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Non Lethal Directed Energy Weapons

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A view of the Stunstrike "artificial lightning" weapon, shot at night (Photo by XADS)
Anti-personnel non lethal directed energy weapons include lasers, high power electro-magnetic pulse and directional acoustic weapons. One of the systems currently in use is the SaberShot laser dazzler this hand held or weapon mounted low-power device uses 250Mw of 532nm green-laser. When directed at the target, the laser's optics temporarily expand to generate a blinding light which penetrates smoke, fog at twice the range of white light. Modulation of such high intensity light cause disorientation, dazzle and blink reaction that reduces the target's activity. Such weapon could be used to disorient and degrade performance of potential threats, such as snipers, or RPG launchers.

Artificial lightning shock weapon developed by XADS (Photo courtesy of XADS)Other laser-guided directed-energy weapons work like "artificial lightning" to disable human targets or electronic circuits. Laser Induced Plasma Channel (LIPC) technology was developed by Ionatron to channel electrical energy through the air at the target. The interaction of the air and laser light at specific wavelength, causes light to break into filaments, which form a plasma channel that conducts the energy like a virtual wire. This technology can be adjusted for non-lethal or lethal use. LIPC operate at line of sight, allowing propagation of electrical pulses to be directed at a specific target. LPIC based weapon could, in theory, be fired around corners if mirrors were used.

Directed microwave energy is also utilized for non lethal weapon system applications. Raytheon's Active denial System (ADS) is a non lethal, counter-personnel directed energy non-lethal weapon which can be used to protect fixed positions or from mobile as well as airborne platforms,  against human targets at distances beyond the effective range of small arms. A similar system is currently at an initial development phase at applied physics lab of the the Israeli Technion.
LRAD system is seen mounted on a the General Dynamics Land Systems' Stryker force protection testbed vehicle called "SHERIFF". LRAD is considered to provide, together with the active denial (RF Microwave) system, a non lethal protection segment, while the Trophy active protection system will provide the RPG protection for the vehicle.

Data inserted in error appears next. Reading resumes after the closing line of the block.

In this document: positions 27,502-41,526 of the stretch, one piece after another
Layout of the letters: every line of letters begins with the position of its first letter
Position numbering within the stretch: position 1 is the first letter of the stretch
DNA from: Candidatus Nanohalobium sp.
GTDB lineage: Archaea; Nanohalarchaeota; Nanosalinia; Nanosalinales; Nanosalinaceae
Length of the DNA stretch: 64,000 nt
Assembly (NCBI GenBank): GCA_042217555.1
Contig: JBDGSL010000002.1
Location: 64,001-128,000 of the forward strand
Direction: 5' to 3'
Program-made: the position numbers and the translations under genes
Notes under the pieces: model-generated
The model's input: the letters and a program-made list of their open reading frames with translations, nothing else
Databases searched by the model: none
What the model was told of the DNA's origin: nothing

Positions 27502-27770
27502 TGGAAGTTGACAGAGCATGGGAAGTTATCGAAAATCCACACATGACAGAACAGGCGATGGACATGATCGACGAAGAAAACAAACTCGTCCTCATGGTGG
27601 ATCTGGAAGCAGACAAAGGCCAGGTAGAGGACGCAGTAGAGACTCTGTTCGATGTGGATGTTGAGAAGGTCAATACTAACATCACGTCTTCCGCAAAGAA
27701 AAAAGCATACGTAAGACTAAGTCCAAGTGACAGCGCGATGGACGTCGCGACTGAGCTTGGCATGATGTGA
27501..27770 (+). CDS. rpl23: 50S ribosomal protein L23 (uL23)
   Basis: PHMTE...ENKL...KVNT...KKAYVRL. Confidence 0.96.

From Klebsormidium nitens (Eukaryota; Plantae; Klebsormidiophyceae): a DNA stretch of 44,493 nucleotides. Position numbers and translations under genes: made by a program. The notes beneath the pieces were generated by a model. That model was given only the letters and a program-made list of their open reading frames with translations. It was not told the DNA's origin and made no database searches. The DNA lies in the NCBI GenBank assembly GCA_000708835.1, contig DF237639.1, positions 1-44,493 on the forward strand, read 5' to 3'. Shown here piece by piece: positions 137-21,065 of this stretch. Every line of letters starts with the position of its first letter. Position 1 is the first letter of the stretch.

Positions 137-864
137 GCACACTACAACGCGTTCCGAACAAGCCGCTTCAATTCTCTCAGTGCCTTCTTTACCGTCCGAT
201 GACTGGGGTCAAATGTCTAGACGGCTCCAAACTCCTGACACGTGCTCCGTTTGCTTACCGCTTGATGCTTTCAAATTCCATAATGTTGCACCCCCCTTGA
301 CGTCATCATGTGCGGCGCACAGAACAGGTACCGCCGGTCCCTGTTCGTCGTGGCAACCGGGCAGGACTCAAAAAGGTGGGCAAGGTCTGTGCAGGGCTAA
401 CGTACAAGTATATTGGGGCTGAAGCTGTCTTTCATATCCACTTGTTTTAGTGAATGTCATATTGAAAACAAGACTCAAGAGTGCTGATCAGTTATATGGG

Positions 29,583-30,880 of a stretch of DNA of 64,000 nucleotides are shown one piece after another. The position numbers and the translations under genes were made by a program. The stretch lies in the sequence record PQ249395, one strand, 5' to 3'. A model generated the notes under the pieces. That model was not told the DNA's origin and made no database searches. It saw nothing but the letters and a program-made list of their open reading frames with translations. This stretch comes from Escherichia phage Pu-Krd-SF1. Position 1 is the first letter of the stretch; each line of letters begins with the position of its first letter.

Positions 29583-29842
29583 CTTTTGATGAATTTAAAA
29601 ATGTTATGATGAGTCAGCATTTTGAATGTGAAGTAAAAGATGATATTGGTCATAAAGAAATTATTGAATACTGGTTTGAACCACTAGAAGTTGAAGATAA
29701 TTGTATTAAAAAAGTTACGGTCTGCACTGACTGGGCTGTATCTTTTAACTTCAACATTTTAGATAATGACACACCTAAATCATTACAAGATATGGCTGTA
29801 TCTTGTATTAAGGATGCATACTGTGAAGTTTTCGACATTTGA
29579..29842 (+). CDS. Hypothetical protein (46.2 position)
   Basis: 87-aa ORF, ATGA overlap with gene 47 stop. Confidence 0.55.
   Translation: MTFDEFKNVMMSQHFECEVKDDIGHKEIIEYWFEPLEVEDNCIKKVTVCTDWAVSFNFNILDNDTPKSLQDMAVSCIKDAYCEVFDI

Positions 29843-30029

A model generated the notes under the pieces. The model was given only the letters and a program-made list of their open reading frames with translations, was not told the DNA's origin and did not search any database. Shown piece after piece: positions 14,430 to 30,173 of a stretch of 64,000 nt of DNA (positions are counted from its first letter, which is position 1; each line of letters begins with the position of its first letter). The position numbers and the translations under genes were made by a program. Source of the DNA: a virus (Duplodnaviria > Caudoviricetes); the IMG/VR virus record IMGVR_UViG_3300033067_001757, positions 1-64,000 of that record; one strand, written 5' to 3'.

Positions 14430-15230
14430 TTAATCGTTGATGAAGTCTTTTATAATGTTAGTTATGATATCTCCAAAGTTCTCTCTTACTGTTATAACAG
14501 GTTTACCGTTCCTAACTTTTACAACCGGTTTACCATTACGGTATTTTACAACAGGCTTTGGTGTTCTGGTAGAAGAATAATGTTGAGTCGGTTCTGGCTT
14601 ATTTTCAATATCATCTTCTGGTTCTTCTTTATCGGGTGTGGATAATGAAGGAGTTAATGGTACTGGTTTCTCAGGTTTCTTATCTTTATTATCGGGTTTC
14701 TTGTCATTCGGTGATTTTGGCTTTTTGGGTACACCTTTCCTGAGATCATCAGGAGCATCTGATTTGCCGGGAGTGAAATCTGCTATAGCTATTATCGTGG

Directed Acoustic Weapons
In the past, acoustic non lethal weapons were primarily used as "flash bang" weapons. When blasted over a crowd or in a room, they created a loud noise and bright flash incapacitated people exposed to the effect for a few seconds. Flash bang charges are used on forced entry and counter-terror operations, when hostages are involved. As they indiscriminately hit every human exposed to the effect, operation of "flash-bang" requires precise timing and procedures to maximize effect on hostiles and eliminate potential damage to friendly forces.

Currently, acoustics are far more advanced than mere noise. Following the impressive technology advancement in solid state electronics, advanced acoustic systems are becoming operational. In 2004 American soldiers in Iraq were equipped with a Long Range Acoustic Device (LRAD) used for land based and naval applications. LARD works like a highly directional, high power megaphone, able to blast sounds (such as crowd-dispersal instructions in Arabic) in a narrow beam and with great clarity at a deafening 150 decibels (50 times the human threshold of pain). LRAD can also create deafening noises which can incapacitate people within 300 meters by "firing" short bursts of intense acoustic energy.

A different acoustic weapon is the vehicle mounted Acoustic Blaster, developed by PRIMEX Physics International. This weapon can be used for area denial, and against selected groups in crowds, mobs and rioters or in a hostile situation. The weapon can be operated by a single person. So far the system was developed as a prototype consisting of an array of four combustion detonation driven devices fired simultaneously or independently. The detonation creates an acoustic pressure of up to 165dB at a distance of 15 meters. The resulting acoustic pressure waveform can be optimized for acoustic-physiological coupling to targets for antipersonnel applications. The US Air Force Research Laboratory (ARL) is also working on a Sequential Arc Discharge Acoustic Generator (SADAG) which produces high-intensity impulsive sound waves generated by  electrical means.

A different acoustic weapon is the high power acoustic phased array of 36 horns which can focus the acoustic output at the target. The high power noise created within the target can incapacitate humans from a standoff range. The system can be mounted on a tactical vehicle, and radiate a narrow, high power steerable acoustic beam, disorientating humans. Both horizontal and vertical beams can be formed simultaneously to create a point effect within buildings.

A different application is the shockwave weapon, employing the Vortex Ring Gun system. Generating high power shockwave propagating at supersonic speed, Vortex ring Guns can generate high pressures which inflict considerable damage to a target, or carry a payload of kinetic or chemical agents over a distance beyond 20 meters.

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